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Canadian Urbanism Uncovered



  1. If anyone can positively change Fredericton, it is Hayes.

  2. Fredericton has been growing rapidly the past few years, and our municipal government (while far from perfect) has made some modest efforts to incorporate a few modern, intelligent urban planning principles into the development. That said, the people in charge at city hall seem content to allow most of that growth to occur with little serious long-term planning for things like large traffic increases, necessary transit access, infrastructure maintenance  costs, environmental concerns, and potential social costs that arise when these and other needs aren’t sufficiently met.

    Shorter story, Brad Woodside has been reasonably competent (though some of his social views in the 1990s were absolutely outrageous), but his leadership in steering Fredericton toward building sustainable, clean, accessible, person-centered (as opposed to car-centered) neighbourhoods has been lacking. Fredericton is doing well, but it has the potential to be even better than what it is – I feel like voting for Woodside would be akin to choosing to rest on our laurels, revelling in what we already have rather than aspiring to our full potential. 

    Hayes has been talking about things that haven’t been brought up by candidates in Fredericton elections for a while. Past challengers to Woodside have often been little more than grievance candidates with a grab-bag of complaints, but Hayes actually has a goal for the city in mind other than “to become the mayor of it.” He certainly gives the impression that he has the grey matter to be more than a town-crank complaint candidate.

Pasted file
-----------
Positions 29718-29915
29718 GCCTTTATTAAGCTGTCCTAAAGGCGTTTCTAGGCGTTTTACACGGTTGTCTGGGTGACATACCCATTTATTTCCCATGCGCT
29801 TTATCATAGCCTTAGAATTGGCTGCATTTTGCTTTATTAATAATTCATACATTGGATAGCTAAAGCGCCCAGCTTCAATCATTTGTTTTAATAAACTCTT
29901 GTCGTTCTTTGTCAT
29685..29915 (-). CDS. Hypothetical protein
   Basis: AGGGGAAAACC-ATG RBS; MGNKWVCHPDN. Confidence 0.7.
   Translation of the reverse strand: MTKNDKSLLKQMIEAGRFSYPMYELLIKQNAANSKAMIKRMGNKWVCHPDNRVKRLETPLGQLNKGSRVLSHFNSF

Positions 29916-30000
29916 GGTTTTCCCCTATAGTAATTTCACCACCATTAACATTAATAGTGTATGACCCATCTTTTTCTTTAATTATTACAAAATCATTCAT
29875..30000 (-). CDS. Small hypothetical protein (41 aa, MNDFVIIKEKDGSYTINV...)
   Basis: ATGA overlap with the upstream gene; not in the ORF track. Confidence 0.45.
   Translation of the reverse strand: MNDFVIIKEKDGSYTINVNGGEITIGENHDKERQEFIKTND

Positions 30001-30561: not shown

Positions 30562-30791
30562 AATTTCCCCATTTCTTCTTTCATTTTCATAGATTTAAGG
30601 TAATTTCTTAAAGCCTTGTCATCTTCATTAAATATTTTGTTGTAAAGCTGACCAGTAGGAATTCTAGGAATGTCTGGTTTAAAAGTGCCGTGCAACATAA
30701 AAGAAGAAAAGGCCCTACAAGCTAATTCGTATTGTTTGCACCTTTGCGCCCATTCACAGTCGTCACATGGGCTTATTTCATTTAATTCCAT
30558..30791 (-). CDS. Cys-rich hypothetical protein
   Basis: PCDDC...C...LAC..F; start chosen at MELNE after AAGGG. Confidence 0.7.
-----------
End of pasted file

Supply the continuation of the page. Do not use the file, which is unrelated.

A denser core only makes sense for the long-term health of the city center, and for that matter, for the city itself. Curbing the uncontrolled asphalt-and-strip-mall bonanza that’s cropping up at the fringes of our city, drawing dollars away from local businesses and requiring an expensive expansion of infrastructure into low value-by-density areas, is going to have to happen eventually. Why not get to addressing the issue sooner, rather than resting on our laurels until we’re forced to deal with it?

    …It looks like typed way more than I intended to. I guess I just have a lot of passion about the outcome of this race, as a young person weighing the pros and cons of staying in the city I grew up in, and desperately hoping that my fellow Frederictonians are as passionate about the future of this city as I am…